Book Cover Design and the Legitimation of Crime Fiction in Czechoslovakia (1960- 1980) – The Smaragd Series



by Marcela Poucova, University of Brno


After the 1948 coup which brought the Communist Party to power in Czechoslovakia, the cultural climate changed considerably. Before then, there had been a number of publishing houses whose production covered various literary fields. With the dictatorship of the proletariat, the Soviet cultural model came to the fore. Socialist Realism was the order of the day, together with its vision of culture as a means of educating the masses. Private publishers gave way to several state-run ones led by the most devoted party members. Not only some authors, but even certain genres became undesirable.

Both high-brow literature of the highest quality (unless of Soviet provenience) as well as paraliterary genres fell out of favour. Works from the other side of the Iron Curtain without any strong leftist tendencies were deemed to be propaganda. Popular fiction, namely the ‘lower’ genres such as westerns, romances, and crime or spy novels were considered unworthy of the new builders of Communism. Of these, it was only crime and spy literature which managed to ‘turn coat’ and find its place under the new regime, albeit by adapting to the new political order by capitulating to its demands. As a result, from the 1950s, the vast majority of spy novels depicted the uncovering of clandestine activities of imperialistic countries whose ‘prime interest’ was to destroy the new  (Communist) democracies. Similarly, crime novels portrayed individual criminal activities of people who could not identify with the revolutionary ideals of the new society.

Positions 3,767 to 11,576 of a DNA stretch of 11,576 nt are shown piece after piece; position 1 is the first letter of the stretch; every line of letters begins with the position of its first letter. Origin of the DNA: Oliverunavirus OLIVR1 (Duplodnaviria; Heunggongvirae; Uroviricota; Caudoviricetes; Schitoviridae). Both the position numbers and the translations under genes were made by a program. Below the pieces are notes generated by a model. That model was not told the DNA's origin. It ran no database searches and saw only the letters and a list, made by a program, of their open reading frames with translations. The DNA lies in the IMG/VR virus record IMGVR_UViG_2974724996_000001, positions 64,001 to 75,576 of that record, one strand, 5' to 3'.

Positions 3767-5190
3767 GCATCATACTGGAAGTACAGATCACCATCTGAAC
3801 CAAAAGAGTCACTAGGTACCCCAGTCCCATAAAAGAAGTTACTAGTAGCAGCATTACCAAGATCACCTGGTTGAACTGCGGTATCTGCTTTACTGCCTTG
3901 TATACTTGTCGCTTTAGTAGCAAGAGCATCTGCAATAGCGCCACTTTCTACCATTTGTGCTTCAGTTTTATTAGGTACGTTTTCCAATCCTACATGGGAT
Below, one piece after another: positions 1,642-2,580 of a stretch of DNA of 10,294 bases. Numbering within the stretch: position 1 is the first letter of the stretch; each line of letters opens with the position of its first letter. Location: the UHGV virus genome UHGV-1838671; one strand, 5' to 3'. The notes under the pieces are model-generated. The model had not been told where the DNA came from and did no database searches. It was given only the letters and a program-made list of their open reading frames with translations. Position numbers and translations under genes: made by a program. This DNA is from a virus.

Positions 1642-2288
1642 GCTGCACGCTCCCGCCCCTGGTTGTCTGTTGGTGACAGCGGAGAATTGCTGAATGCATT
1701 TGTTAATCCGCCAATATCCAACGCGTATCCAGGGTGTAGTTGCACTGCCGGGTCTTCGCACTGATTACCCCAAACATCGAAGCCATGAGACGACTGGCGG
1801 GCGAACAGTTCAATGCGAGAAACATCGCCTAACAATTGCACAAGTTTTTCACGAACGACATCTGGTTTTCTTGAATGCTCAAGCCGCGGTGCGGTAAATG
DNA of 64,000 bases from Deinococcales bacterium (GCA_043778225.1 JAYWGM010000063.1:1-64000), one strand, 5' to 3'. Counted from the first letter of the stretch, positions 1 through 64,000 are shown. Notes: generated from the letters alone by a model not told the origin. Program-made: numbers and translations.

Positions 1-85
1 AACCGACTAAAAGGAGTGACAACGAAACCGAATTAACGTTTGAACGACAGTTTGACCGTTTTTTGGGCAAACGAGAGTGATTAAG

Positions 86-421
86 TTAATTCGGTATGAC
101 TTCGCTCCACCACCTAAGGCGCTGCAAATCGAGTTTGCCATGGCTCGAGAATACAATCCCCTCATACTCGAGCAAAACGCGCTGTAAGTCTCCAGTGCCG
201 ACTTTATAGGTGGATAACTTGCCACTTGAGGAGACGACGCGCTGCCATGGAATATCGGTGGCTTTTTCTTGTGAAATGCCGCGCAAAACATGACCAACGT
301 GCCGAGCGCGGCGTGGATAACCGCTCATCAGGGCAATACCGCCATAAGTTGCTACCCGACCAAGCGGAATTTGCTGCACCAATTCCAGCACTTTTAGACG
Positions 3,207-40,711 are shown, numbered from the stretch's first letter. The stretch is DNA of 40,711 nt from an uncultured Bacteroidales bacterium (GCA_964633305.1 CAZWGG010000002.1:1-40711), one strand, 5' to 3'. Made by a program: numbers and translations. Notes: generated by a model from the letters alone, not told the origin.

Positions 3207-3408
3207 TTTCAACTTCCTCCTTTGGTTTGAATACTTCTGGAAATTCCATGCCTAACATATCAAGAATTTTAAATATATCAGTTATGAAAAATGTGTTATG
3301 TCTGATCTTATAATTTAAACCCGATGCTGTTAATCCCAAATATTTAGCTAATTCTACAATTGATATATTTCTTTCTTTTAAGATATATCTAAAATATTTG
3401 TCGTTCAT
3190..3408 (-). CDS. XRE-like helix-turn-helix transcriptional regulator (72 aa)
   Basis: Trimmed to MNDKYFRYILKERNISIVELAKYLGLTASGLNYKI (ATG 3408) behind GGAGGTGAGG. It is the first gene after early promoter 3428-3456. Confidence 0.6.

In the 1960s, the political scene began to change and editorial policies were relaxed. Culturally, this decade was the most interesting part of the era. As for domestic crime novel production – talented authors emerged for whom the genre brought an interesting challenge and a novel way to describe the reality of society. At the same time, the number of translated novels also increased. Naturally, in the spy genre these were by authors from the Soviet bloc. However, the crime and detective genre started to open up to more global influences. The reasons for this were clear. The public was hungry for a relaxing read that was not burdened with ideological content and, economically, this genre was profitable. Nevertheless, in a socialist state, when it came to ideology, profitability was pushed aside. Publishing houses with devoted party members at the helm created a number of measures designed to select the ‘right’ authors, novels and genres:

Firstly – series were created in which both ideologically ‘suitable’ and perhaps less safe authors were published together.

Then, in order to add credibility to such novels, introductions or epilogues were included explaining how to read the text ‘correctly’, preventing the possibility of creating subversive impressions.

Lastly, the unifying of cover designs helped to wipe out differences between good and bad titles and genres, affording all titles the same level of artistic attention. The same approach was used for designing film posters. Hence the top designers and illustrators of that time created what became a symbol of Czech film production between 1960 and 1980 – film poster designs of high artistic value. These same artists also often designed covers of crime novel series.